VIATRA2/Activity Diagrams to Petri Nets

Aim

This tutorial example presents a transformation from a core subset of UML2 Activities to the domain of Petri-Nets (also known as Place/Transition Nets). This simple transformation imitates a set of complex, real-world model transformations that map high-level engineering models such as BPEL into semantical domains (i.e. mathematical formalisms) such as transition systems, for formal verification and analysis by tools such as SAL.

The example is meant to be the first one to read after completing the Hello World tutorial. As an important point, the tutorial includes an exercise for readers, to help them learn transformation development.

TODO

Background

VIATRA2

The tutorial assumes that the readers have already familiarized themselves with the basic features of the user interface of VIATRA2, the notion of model transformation and the basic concepts of the formalism GTASM. The Getting Started block is recommended reading before starting this tutorial. In particular, the Using Transformations page introduces how to load and use this transformation.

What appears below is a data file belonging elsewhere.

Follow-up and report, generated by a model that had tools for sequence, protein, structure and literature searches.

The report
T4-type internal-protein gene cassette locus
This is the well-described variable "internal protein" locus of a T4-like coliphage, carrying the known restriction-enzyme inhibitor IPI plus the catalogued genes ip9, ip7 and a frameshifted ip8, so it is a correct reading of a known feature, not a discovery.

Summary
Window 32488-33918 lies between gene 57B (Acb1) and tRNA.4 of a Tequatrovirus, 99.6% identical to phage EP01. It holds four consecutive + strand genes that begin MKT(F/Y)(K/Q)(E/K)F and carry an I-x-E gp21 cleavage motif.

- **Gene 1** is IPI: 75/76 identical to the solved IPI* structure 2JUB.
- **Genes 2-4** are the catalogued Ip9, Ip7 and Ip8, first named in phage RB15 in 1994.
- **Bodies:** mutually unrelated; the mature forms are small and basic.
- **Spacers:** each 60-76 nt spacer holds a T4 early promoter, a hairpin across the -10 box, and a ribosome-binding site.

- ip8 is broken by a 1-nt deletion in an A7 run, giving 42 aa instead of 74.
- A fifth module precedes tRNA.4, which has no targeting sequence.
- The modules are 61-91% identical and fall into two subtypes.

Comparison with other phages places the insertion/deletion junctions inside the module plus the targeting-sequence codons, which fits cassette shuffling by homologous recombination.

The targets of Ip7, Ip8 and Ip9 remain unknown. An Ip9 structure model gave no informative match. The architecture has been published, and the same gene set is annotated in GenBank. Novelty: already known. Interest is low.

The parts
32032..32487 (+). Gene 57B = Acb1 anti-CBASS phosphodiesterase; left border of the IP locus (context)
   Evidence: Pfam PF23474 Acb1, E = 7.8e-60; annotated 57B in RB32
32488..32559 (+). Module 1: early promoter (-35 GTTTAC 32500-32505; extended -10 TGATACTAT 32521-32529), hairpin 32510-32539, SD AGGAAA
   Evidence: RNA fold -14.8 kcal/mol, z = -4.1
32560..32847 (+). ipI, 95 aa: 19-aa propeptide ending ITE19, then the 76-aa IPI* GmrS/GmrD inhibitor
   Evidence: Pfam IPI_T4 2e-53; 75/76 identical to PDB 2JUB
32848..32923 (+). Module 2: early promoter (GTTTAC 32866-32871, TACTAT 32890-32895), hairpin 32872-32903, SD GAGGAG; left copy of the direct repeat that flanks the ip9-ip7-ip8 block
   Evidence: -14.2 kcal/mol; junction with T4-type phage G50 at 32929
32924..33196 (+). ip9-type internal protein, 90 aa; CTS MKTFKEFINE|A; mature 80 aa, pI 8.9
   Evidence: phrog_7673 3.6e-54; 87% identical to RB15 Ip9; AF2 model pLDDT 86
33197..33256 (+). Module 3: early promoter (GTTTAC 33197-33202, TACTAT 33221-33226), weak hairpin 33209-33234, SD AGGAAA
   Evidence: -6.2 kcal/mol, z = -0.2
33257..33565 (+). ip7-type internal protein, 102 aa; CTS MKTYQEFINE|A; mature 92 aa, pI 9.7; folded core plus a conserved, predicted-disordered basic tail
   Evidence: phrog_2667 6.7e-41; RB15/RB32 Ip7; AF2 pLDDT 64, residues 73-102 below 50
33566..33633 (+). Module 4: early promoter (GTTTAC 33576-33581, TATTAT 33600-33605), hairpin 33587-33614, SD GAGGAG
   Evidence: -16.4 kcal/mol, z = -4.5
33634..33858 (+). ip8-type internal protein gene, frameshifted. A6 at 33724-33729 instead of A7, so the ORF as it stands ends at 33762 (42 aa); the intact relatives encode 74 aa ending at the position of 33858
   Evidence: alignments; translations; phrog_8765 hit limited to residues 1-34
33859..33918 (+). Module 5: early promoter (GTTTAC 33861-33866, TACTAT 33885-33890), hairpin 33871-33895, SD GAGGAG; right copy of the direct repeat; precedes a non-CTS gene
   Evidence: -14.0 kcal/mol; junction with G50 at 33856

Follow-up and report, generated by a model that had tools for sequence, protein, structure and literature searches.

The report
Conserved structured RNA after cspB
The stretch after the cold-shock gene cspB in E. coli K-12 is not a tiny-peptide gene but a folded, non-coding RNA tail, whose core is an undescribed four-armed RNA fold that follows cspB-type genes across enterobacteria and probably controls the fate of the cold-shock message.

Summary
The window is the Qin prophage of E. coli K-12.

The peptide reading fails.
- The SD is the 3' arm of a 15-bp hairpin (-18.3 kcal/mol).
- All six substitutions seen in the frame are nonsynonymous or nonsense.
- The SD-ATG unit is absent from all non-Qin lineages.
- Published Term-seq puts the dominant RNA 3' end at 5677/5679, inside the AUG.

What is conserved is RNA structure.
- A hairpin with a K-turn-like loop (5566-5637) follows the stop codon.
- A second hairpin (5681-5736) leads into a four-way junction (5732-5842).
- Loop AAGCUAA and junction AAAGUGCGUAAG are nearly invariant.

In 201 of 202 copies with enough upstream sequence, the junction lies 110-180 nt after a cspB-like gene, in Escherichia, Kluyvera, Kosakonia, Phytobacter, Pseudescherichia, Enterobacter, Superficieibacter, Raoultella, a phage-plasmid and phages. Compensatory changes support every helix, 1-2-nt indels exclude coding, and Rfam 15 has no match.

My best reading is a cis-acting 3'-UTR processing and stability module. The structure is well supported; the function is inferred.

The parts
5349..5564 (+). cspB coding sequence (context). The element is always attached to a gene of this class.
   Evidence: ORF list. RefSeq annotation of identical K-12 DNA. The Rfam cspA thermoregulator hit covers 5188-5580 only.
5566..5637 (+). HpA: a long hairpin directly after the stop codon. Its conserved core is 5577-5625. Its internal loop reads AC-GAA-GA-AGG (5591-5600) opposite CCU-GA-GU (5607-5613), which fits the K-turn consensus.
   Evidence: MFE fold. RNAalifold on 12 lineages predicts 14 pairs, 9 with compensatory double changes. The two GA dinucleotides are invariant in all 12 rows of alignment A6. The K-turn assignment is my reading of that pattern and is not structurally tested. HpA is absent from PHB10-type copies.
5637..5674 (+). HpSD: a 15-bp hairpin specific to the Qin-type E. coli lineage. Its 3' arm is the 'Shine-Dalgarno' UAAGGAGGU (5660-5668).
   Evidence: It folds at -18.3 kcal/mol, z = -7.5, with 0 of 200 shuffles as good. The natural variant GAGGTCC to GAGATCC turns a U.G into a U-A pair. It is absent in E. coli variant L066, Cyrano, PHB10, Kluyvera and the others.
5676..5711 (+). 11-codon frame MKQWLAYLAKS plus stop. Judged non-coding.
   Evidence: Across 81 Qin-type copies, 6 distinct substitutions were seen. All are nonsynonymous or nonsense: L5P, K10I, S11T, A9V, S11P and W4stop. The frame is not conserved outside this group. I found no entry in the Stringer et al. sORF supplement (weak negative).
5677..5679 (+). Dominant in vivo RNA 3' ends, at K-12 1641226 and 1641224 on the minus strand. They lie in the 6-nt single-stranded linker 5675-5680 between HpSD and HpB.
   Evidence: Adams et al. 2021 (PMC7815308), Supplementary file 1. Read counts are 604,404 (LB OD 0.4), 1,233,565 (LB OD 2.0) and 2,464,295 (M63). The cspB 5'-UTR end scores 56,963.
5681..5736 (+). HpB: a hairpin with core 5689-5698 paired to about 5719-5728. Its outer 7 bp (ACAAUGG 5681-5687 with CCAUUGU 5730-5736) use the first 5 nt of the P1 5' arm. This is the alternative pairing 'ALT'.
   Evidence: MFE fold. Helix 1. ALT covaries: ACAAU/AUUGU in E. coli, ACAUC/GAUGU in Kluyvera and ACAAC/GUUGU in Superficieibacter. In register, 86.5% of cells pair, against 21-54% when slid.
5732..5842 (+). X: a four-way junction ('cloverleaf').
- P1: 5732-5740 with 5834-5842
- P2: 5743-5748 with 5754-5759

Source domain: UML Activities

Core set of UML2 Activity Diagram elements

UML Activities form a standard workflow description language, with countless modeling tools and diagram editors available. This tutorial will use the core elements of UML Activity modeling.

An Activity is the model of the process, represented in an Activity Diagram (AD) by a large box containing nodes and edges. An activity consists of several action nodes (also called executable nodes, more precisely opaque actions), denoted by smaller rounded blocks; each represent some action that is performed for some time during this process. We will only be interested in the most common kind of activity edges: control flow edges connect actions to define their sequence of execution. This sequence starts at the initial node, and terminates at the flow final node. These two are not actual actions, but special control nodes.